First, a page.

The Good Part: Having a Mary Mindset in a Martha World
In the tenth chapter of Luke, we find the record of Christ’s visit to Martha’s home in Bethany. The story of what happened that day is well-known: while Martha busied herself with the affairs of the home, her younger sister Mary chose to spend time with Jesus instead. The Savior praised Mary’s choice to sit at His feet, while rebuking Martha for her tireless service at the expense of His company: “Martha, Martha, thou art careful and troubled about many things: But one thing is needful, and Mary hath chosen that good part, which shall not be taken away from her (Luke 10:41-42).”
While we have no problem acknowledging that Mary’s choice was superior to Martha’s in the eyes of God, we often fail to understand just how wrong Martha was. If there is a good part (as Jesus said), then there must also be a “bad” part. The comparison between the sisters was not that Martha had done a good thing, and Mary had done a better thing. On the contrary, Jesus said that Mary had done a “good” thing; and by comparison, Martha had done a “bad” thing.
This is sometimes such a hard concept for us to understand. Granted, Martha had neglected the company of her Savior at the expense of cooking His supper. Her actions had been misguided, but were they really such a terrible thing? After all, Martha’s only intention was to serve the Savior she loved – or was it?
In the culture of Martha’s day, it was expected that a woman should serve her guests. When a distinguished visitor (such as a rabbi) occasioned upon her home, it was socially acceptable that she should stay in the background and serve his needs. The dinner conversation was not the place for the socially conscious Jewish woman; it was for the men. More than likely, there were many men with Christ that day in Martha’s home. At this point in His ministry, Jesus was rarely separated from His twelve closest disciples. In addition, Mary and Martha had a brother named Lazarus who was probably also in attendance. From a cultural perspective, Martha was not expected to join the men and partake of the Master’s fellowship. She was fulfilling her traditional duty.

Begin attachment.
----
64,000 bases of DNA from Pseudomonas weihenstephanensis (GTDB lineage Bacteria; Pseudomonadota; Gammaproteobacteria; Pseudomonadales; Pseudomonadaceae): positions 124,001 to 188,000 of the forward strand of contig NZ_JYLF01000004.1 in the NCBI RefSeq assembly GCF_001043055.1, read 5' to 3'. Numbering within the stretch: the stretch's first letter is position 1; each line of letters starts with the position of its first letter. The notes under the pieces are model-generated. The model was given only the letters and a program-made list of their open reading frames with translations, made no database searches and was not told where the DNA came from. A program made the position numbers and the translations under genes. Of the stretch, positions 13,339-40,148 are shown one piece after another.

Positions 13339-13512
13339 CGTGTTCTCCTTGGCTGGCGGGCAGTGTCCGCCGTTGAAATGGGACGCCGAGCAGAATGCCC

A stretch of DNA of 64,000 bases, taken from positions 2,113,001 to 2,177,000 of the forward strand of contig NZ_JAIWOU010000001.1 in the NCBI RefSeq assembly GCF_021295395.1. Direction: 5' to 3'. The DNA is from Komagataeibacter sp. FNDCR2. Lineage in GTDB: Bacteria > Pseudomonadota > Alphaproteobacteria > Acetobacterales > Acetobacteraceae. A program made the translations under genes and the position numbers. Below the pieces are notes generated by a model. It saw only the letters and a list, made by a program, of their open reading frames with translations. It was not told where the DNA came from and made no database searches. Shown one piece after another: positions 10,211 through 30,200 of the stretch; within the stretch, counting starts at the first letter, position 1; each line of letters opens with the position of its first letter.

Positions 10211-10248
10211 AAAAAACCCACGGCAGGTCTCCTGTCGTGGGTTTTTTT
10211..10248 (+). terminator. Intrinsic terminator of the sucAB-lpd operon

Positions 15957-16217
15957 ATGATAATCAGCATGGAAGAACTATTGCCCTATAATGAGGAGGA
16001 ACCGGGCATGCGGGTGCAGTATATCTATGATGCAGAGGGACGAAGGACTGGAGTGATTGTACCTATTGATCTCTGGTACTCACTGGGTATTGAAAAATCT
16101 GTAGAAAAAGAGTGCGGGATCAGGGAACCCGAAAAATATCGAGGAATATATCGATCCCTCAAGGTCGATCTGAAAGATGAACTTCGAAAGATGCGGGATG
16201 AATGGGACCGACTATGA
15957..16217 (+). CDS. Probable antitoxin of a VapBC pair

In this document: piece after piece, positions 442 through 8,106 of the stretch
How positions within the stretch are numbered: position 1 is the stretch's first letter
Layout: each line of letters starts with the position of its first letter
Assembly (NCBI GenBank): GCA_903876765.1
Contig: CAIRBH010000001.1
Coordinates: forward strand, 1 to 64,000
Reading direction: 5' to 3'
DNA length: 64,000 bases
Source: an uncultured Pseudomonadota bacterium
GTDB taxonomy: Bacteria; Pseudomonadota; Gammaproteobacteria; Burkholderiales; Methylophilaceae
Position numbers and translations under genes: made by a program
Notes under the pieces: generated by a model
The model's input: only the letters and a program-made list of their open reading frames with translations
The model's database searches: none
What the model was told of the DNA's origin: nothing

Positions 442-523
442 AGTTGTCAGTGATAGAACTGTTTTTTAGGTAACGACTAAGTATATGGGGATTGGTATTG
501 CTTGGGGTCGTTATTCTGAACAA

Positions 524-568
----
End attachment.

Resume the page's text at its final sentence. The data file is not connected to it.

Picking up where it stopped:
Mary, on the other hand, was not socially conscious. She threw off all cultural expectations when she chose to sit at the Master’s feet and hear Him teach. The place where Mary sat was reserved for a rabbi’s disciples, all of which were usually men. It was not a socially acceptable thing for a woman to be the student of a great teacher. But Mary did not care. The Word of God did not forbid her from sitting at Christ’s feet, and neither did He. Mary’s actions, though culturally unacceptable, were pleasing to the Master.
In a way, the foundation of modern culture is no different from the culture of the ancients; society still demands that we conform to its own expectations for our lives. Martha conformed to those expectations, and incorporated them into her service. Mary revolted from those same expectations, and came to know the Master in a greater way.
We live in a Martha world. We are expected to conform our Christianity to a standard of societal norms: as long as we fit inside the status quo, the culture deems us acceptable. But God demands that we conform our Christianity into the image of His Son, and the only way that this can occur is by throwing off the expectations of a sinful world and partaking in His beautiful fellowship. The end result of dynamic Christianity is not that the world would find us acceptable, but that the world – through us – would be turned upside down for the sake of the Master we love.
© 2010 Jeremy Austin Watts